Terri Kirby Hathaway is passionate about sharing her expertise in coastal and marine education, and research with others — topics of unparalleled importance to the Outer Banks.

As a marine education specialist with North Carolina Sea Grant, Hathaway enlightens and instructs college professors, teachers of all grade levels, museum educators, and even parents who home-school their kids about the importance of conserving and protecting our oceans and coasts. The goal is to create an awareness and understanding of the symbiotic and mutualistic relationships in the ocean, and the role humans play in acting as stewards.

It’s a big job — one fit for Poseidon, Greek god of the sea — and Hathaway is all in.

“To facilitate learning, you must make the topic relevant to the learner. Sometimes it takes breaking the topic down into smaller chunks of information, and relating that information to something familiar," says Hathaway, a certified environmental educator who joined North Carolina Sea Grant in 2003.

"For example, if I’m teaching about global climate change and global warming, instead of talking about the greenhouse effect, which may be confusing to some, I talk about global warming being similar to a heat-trapping blanket around the Earth. Everyone seems to understand how putting a blanket on us keeps us warm. Carbon dioxide is like a blanket, trapping all the warmth under the blanket and not letting it back out into the atmosphere."

The state and federally funded Sea Grant program is centered on scientific research, education, training, and extension projects geared toward the conservation and practical use of the coasts, oceans, and other marine areas. It facilitates funding for millions of dollars of research, outreach and education programs each year. Research and projects range from seafood science and fisheries, to water quality, aquaculture, law and policy, coastal hazards, and more. The organization provides unbiased, scientifically sound information about the state’s coastal ecosystems.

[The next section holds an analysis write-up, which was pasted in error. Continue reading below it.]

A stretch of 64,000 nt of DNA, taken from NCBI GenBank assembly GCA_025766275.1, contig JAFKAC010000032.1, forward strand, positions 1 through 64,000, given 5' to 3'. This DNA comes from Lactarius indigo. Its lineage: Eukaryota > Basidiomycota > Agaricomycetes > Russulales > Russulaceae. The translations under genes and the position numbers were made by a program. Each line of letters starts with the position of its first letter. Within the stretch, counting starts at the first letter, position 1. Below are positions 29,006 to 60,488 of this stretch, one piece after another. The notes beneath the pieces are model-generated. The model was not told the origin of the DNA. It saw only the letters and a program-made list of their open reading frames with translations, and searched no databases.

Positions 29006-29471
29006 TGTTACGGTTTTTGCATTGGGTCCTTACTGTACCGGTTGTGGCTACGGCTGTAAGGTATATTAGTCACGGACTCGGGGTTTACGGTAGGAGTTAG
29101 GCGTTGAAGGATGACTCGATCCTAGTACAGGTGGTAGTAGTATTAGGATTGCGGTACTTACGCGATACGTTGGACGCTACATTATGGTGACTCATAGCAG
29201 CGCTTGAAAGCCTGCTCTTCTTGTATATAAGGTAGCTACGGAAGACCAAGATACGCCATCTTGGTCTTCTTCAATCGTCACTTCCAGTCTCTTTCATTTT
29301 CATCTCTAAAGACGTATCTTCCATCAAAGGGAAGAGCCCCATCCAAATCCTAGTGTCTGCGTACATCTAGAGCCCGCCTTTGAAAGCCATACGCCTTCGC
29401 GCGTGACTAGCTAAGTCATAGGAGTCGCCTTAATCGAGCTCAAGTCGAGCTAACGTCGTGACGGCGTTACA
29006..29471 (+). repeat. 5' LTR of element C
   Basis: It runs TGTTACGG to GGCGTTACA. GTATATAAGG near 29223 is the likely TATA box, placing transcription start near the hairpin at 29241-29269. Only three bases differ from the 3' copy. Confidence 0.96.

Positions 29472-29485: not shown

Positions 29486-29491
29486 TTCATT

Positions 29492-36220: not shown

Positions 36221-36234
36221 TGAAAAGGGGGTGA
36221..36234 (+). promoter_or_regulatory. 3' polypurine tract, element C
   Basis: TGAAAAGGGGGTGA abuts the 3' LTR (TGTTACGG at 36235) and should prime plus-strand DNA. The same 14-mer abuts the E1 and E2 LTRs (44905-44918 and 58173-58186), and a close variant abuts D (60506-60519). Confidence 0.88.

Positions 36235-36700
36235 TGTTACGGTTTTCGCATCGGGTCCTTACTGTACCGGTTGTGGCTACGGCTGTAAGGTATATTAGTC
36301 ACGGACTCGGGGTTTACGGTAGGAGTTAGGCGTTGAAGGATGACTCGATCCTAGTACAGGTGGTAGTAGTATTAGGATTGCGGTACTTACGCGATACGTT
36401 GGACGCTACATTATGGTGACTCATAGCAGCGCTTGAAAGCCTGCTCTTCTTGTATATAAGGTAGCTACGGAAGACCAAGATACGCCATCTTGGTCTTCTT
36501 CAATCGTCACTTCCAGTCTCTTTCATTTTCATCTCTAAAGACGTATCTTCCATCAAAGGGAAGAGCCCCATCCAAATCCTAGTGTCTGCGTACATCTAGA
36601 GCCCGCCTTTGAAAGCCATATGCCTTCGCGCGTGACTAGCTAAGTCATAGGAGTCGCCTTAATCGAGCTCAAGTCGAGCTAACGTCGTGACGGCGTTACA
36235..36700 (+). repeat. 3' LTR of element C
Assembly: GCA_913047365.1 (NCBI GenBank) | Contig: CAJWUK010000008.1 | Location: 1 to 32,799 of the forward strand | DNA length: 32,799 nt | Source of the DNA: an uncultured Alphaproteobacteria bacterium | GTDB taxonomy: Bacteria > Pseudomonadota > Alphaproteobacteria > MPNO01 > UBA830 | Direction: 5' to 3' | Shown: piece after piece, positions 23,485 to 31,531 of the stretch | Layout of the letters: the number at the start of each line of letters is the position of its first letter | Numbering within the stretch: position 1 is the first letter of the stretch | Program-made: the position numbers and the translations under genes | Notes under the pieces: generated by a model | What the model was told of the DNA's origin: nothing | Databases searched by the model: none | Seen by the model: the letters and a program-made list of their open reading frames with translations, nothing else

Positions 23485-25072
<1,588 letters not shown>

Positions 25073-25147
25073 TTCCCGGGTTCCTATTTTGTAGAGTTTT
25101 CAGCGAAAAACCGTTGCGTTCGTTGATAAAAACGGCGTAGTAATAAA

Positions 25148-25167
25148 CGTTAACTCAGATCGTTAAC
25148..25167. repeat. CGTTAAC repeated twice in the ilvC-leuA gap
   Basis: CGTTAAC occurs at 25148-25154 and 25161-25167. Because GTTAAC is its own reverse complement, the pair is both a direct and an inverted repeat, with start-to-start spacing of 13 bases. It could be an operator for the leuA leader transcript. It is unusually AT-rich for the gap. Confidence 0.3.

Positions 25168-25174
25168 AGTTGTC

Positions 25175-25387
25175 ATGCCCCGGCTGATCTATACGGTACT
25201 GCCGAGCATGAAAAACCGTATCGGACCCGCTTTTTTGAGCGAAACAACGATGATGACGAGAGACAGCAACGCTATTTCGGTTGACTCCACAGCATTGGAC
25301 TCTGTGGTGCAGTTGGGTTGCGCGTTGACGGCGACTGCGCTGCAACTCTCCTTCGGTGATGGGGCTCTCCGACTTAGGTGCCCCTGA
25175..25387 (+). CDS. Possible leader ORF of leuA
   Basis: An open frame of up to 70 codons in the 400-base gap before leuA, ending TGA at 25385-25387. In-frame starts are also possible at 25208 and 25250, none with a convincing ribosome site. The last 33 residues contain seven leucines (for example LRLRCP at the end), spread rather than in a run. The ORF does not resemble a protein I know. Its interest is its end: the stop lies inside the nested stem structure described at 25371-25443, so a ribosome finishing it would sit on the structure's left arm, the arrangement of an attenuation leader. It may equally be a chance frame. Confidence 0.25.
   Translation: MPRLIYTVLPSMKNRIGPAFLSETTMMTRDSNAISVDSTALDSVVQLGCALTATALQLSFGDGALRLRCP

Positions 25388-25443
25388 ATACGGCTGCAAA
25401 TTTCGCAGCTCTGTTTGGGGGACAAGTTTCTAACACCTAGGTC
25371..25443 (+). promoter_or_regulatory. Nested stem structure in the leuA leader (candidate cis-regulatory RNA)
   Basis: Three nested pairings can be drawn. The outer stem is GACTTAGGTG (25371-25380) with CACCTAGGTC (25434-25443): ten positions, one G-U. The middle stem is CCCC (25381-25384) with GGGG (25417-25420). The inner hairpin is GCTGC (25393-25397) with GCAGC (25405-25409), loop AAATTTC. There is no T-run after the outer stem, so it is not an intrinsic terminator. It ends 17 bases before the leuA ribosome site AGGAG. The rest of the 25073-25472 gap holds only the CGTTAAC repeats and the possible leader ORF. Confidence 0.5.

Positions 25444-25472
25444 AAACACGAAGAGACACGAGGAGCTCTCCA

"You need to know your audience, and discover what they think is relevant and important and relate to them through that connection," she says. "I try to use as many different types of teaching methods as I can during workshops. ... A combination of lectures, field trips, if possible, and hands-on activities using various techniques makes for a decent learning environment."

The North Carolina native earned a bachelor’s degree in marine biology at University of North Carolina Wilmington in 1979. Twenty years later, she earned a master’s in science education from East Carolina University.

After earning her bachelor's degree, she worked in Tampa, Florida, and then in Lake Charles, Louisiana, where she worked on the Strategic Petroleum Reserve project at McNeese State University.

The project carried her to Galveston Island, Texas, which is comprised of a 32-mile coastline along the Gulf of Mexico, and is rich in forests, grasslands, wetlands, and bayou habitats.

"The project was doing the monitoring before and after salt was leached from salt domes for underground storage of oil reserves," Hathaway says. "Water was pumped into the underground salt domes to dissolved the salt; then that super-saline water was pumped from the salt dome and released into the Gulf of Mexico about 10 miles offshore."

From January 1981 to May 1985, Hathaway was part of a team that studied the effects of the super-saline water on animals and the physical environment — including fishes, shrimps, crabs, phytoplankton, zooplankton, benthos (animals that live on or in the bottom), sediment and water quality, and special pollutants, among other things.

Galveston is a mecca for marine biologists and researchers. The Galveston Bay system and the wetlands along its margins is the seventh largest estuary in the United States and has traditionally served as a productive nursery grounds for many aquatic species. The waters off the coast of Galveston are also the site of the Flower Garden Banks National Marine Sanctuary, one of 14 federally designated underwater areas protected by NOAA's Office of National Marine Sanctuaries — and the only sanctuary site located in the Gulf of Mexico.

In 1985, Hathaway returned to the Tar Heel State and accepted a position as curator of education at the North Carolina Aquarium on Roanoke Island.